From gay bombs to pioneering legal prostitution, the U.S. military has a fascinating history with sexuality. While putting together my book Turned On: A Mind-Blowing Investigation Into How Sex Has Shaped Our World, I found that the effects of the military’s sexual policies have wide-ranging repercussions on our society. Here are the most interesting facts I came across in my research.
In 1862, The Union Army Legalized Sex Work In Nashville
With their husbands off fighting in the Civil War, over 1,000 women in Nashville became ladies of the evening to support themselves and their families financially. A military official responded to the growth of these types of workers by rounding them up and shipping them off to Louisville and Cincinnati. But when those cities ordered the ships full of women to head back where they came from, Union officials in Nashville decided they might as well try to make the trade safe since it would inevitably occur. The result was that the Union Army created America’s first legal system for that type of profession.
Civil War Soldiers Were Reprimanded For Consuming Smut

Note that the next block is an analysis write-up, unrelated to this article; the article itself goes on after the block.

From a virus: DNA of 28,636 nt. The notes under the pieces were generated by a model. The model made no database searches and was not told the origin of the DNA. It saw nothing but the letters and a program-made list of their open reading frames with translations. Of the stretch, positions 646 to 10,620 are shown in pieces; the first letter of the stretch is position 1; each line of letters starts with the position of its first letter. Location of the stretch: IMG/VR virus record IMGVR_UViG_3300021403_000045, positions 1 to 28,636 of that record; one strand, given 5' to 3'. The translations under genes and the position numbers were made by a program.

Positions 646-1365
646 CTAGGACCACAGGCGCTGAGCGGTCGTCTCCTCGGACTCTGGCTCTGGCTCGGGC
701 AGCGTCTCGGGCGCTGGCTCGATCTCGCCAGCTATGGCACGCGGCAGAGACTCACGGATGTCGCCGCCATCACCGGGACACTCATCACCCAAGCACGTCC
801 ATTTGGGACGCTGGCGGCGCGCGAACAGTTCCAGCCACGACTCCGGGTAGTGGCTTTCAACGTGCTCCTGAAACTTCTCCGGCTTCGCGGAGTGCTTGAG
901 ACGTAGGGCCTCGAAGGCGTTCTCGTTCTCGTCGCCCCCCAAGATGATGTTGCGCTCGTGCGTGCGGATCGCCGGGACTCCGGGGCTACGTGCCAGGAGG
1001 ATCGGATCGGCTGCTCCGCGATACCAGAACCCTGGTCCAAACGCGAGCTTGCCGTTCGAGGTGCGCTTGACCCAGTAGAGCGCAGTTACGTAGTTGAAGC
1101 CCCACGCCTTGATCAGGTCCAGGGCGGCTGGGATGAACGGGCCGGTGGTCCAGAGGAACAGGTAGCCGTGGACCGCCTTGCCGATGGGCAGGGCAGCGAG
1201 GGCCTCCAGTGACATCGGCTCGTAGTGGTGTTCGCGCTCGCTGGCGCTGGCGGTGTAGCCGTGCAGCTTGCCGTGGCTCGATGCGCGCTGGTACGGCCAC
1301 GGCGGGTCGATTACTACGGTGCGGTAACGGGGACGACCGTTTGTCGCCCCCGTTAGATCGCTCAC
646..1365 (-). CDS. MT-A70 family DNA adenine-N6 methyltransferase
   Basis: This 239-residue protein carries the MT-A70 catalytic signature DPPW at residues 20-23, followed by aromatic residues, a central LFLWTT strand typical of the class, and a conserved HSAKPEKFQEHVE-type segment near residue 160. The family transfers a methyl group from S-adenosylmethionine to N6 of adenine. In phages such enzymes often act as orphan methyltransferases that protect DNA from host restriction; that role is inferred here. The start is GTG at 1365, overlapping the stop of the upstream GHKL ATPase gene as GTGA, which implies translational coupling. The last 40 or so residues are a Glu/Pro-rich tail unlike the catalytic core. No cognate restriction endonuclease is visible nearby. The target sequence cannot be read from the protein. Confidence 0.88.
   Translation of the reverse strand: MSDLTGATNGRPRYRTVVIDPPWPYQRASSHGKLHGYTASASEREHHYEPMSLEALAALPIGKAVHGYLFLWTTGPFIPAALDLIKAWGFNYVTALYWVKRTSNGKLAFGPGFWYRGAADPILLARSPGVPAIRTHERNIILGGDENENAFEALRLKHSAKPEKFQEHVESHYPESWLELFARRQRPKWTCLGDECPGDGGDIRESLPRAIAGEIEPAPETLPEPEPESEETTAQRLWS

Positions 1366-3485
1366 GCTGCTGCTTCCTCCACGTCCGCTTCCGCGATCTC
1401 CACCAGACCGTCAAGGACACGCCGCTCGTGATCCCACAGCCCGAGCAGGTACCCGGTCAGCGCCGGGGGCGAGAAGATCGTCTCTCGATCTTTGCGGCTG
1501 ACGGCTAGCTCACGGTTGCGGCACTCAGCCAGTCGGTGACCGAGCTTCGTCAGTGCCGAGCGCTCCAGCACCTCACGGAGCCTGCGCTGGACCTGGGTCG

So many Civil War troops consumed adult materials that one captain complained the military wasn’t doing enough to “checkmate and suppress” the “obscene prints and photographs” that were floating round. Some have apocryphally suggested that the term “hooker” is derived from the name of army officer Joseph Hooker, whose squad apparently enjoyed the company of ladies of the night.
The Military Started Advocating Abstinence During World War I
During the early 1900s, the War Department demanded that soldiers be abstinent. In an effort to fight venereal infection scourges, it issued pamphlets like one titled “Live Straight if You Would Shoot Straight” that stated “all loose women are dirty.”
General John J. Pershing Promoted Abstinence But Contracted Gonorrhea Twice
General John J. Pershing, commander of the American Expeditionary Forces in WWI, vocally supported the idea of an army free of disease. He said that soldiers with VD were an "encumbrance to the army." Even though military generals at the time were outwardly critical of promiscuity, Pershing wasn't a great role model: he contracted gonorrhea twice as a serviceman.